The Second Chance: The Need for Programs Encouraging Young Mothers to Return to School

[By Mamudou Jallow]

A society that is keen on diversity must promote its women. Promoting women means empowering them with the requisite knowledge and skills to help them succeed in life. This is crucial most especially in these challenging times we live in. This should be the agenda for the government and society in general.

However, the agenda to advance the affairs of women will be incomplete and largely ineffective if some women are left out in the cold. The drive must be toward empowering all women. No woman must be left behind.

With this in mind, it is important to voice out the plight of the young mother who consequently has to leave school when she has a baby. Granted, there is no educational policy barring young mothers from going back to school. However, once a young woman gives birth, her odds of going back to school are stacked sky high.

A young woman with a baby is said to have “graduated” and is banished to the land of motherhood with a very slim chance of ever getting back to school. Often there is not enough support given to such women and their babies to allow them the time and concentration necessary to continue with their education.

We’ve often seen cases where intelligent young women drop out of school just because they had babies. Some young women we’ve met were forcibly removed from school and wed away to the first suitor in hastily arranged marriages. Just like with many things done in haste without proper thinking, these marriages often crumble few years down the line. Unfortunately for such young woman, they would have had one or two babies before their ill-fated marriages went south.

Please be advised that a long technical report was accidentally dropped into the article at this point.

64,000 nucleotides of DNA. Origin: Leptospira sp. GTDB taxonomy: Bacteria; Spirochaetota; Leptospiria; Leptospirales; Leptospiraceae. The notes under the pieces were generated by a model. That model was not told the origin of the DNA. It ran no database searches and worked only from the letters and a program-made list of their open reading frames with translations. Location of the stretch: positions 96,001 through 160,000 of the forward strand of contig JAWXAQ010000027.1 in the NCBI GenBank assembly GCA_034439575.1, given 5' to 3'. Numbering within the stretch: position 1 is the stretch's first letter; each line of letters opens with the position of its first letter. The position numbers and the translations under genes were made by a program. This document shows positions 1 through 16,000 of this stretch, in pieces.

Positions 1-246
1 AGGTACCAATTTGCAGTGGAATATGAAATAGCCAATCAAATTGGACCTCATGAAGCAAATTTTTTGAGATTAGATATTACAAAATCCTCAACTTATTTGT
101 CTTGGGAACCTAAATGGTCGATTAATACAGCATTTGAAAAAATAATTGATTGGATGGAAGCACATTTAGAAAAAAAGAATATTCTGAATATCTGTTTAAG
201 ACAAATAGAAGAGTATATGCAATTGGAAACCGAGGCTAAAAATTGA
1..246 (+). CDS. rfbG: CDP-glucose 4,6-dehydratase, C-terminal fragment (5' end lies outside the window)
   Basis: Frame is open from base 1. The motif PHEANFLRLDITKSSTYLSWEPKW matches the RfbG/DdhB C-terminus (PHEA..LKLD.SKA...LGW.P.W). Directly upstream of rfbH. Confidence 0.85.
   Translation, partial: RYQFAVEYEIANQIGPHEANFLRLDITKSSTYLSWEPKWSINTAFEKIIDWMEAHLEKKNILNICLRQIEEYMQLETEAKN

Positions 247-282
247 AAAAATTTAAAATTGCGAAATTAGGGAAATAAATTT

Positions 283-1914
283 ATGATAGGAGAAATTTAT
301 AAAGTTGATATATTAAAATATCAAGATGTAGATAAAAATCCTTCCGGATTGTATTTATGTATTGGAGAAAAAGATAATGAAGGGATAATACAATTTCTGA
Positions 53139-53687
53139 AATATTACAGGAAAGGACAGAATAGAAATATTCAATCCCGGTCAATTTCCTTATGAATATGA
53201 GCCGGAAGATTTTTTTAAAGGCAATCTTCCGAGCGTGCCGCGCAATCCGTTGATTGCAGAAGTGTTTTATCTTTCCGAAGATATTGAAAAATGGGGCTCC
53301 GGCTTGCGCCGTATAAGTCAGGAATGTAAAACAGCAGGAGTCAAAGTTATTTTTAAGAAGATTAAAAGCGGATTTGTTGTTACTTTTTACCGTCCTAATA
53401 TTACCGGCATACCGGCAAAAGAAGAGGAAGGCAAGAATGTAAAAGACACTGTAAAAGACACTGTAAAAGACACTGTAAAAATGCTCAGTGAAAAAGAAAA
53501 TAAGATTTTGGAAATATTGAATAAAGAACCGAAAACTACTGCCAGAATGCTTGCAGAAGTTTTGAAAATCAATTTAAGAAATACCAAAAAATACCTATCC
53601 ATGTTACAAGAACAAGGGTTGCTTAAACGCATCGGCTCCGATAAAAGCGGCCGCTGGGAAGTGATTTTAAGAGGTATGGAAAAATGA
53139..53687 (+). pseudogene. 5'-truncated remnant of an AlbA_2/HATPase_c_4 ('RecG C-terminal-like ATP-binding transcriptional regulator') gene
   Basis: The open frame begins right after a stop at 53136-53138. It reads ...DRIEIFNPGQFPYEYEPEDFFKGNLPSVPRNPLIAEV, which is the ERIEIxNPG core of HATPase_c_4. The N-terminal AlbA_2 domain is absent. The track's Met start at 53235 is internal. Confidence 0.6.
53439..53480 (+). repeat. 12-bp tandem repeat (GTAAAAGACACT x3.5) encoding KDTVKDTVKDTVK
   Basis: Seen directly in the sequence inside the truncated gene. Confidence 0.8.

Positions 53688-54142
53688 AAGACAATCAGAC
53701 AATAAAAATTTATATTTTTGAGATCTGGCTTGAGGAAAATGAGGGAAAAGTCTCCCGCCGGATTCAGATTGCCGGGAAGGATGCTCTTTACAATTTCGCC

Imagine their plight! Robbed off their youth and left with little souls to take care of with hardly enough support, going back to where they left off in school would probably be one of the last things on the to-do list of many such women. In a country where the laws requiring a man to take care of his ex-wife and children are hardly enforced; divorce for most women means being condemned to many years of struggle until the next husband comes along.

It is gut-wrenching to think of the struggles that young divorced mothers go through. As a result, I believe it is not too much to ask for programs to be put in place to help fulfill the dreams of young mothers who want to go back to school. How can we help?

#1.Family and Community Intervention

The onus is on the families as well as community and religious leaders to remain truthful to their duties towards the young. Often when we tie the knot between couples, we have family and community elders selected as witnesses to the marriage. The witnesses are there to ensure that both parties are protected in case something happens in the future.

However, in practice the very people who were there as go-betweens for the marriage or witnesses at its officiating, conveniently disappear in thin air once problems happen. Often it is the young woman and her babies that suffer endless financial and physiological difficulties while the very people who could have any meaningful contribution choose to stay away from the thorny conversations. This is hypocrisy.

Society must support our women and as parents, community and religious leaders, we must ensure that our women, especially young mothers, are fully taken care of so they can pursue their dreams especially in terms of completing their education.


Government must ensure that no dead-beat dads remain in our society. Anybody who fathers a child must be made to take care of that child no matter how sour their relationship is with the mother. If every father is made to fulfill all their obligations toward their children, then our young mothers will have the time and concentration to go back to school when they so wish.

The creation of training centers for young mothers by the government and NGOs would also help encourage the young mother to try a second chance at getting the education and training that will put her on the path to success in the increasingly competitive world we live in today.  


We must wake up to the fact that we will not develop as a country unless all are on board. It is for this reason that we need the women to participate in every step of the way. However, we will be sabotaging our attempts to have the female inclusion necessary to move the country forward if we refuse to put programs in place to allow young mothers to go back to school.  We must remember that teaching a woman means teaching the nation.